If you asked me a year ago if I would be the ambassador for the Los Angeles chapter of the international hiking group, Hiker Babes, whose mission is to unite women who share a passion for the outdoors into a community, I would have laughed.
We ended up taking the Ice House trail to the 8,859-foot summit and hiked nearly 12 miles there and back.
I was able to understand the bride better as I got to know the other incredibly smart and caring young women.
We’re clearly out there. The mountains are also a melting pot of a variety of different people hiking native lands, and yet we are only now barely seeing these faces in popular media.
I wrote a poem with the LA River in mind, but I also drew parallels between the river and the highways that weave in and around Los Angeles.
I still had my eyes on other peaks but being able to freely trek to the top of Baden-Powell with friends that day was satisfying.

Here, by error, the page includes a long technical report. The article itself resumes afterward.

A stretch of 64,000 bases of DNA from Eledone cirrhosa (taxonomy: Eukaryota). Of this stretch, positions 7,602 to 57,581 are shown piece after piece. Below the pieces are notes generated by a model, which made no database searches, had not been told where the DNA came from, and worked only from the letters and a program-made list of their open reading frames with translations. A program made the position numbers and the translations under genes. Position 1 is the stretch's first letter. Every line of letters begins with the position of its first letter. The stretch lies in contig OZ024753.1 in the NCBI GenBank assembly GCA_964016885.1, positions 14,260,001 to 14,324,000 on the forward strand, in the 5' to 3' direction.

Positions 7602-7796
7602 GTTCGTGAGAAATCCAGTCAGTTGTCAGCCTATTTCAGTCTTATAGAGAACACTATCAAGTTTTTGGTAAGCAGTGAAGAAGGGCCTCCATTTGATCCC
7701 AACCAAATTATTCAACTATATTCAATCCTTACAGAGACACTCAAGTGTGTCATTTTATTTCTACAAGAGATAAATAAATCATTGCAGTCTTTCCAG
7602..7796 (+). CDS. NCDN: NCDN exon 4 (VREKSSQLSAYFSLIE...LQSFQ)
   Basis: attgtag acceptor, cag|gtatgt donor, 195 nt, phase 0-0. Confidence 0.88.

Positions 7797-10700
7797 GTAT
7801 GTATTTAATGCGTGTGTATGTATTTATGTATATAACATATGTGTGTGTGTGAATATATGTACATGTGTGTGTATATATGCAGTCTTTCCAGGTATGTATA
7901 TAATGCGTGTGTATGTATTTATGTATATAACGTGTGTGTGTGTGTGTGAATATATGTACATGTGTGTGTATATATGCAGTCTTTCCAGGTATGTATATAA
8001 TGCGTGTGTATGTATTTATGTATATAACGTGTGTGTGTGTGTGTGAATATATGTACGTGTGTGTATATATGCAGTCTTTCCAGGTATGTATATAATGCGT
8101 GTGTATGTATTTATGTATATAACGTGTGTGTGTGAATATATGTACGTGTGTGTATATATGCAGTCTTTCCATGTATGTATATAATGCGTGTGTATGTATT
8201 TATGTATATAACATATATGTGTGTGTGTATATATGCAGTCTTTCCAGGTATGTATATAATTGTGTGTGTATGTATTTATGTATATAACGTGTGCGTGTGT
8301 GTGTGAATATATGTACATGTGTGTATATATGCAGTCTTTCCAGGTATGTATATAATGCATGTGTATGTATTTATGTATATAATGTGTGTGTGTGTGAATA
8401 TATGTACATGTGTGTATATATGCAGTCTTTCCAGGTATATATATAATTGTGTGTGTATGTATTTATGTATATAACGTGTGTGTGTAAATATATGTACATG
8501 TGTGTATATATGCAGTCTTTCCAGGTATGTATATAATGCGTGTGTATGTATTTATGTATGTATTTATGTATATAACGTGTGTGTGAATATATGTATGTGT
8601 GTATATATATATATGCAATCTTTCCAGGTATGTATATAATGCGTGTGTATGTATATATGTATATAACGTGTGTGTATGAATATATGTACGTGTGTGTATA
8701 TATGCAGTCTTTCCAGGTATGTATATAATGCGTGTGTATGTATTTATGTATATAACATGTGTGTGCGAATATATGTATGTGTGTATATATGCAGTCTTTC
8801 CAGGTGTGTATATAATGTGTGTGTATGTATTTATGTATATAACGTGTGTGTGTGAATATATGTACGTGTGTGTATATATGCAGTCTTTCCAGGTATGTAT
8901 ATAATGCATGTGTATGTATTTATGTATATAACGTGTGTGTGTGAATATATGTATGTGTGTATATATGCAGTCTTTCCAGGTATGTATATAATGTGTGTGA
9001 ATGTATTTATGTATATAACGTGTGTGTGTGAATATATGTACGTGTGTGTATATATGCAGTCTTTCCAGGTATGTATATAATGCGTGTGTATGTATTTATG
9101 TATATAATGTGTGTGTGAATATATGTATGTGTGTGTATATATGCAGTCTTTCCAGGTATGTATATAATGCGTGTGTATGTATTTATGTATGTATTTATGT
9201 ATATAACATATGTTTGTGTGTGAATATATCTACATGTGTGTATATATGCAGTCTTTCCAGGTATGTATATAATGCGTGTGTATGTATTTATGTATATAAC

The most important thing you need to do in order to overcome nearly any obstacle is to take a step back and breathe.
Plastic bags blow in the breeze as cars picking up wind and speed push the delicately drifting thin pouches of non-biodegradable crude oil. It’s everywhere, but it doesn’t need to be.
As I looked down at the new shoes on my feet, I let my mind wander to think of the past ten years out on the trails. The old pair of shoes that I had stuffed into the trunk of a car had carried me through the cool woods of the northern forests of California, [...]
The look of shock and horror had crept up on her face. I sensed jolts of confusion from her as I spoke the words. “I would like the number four without meat.”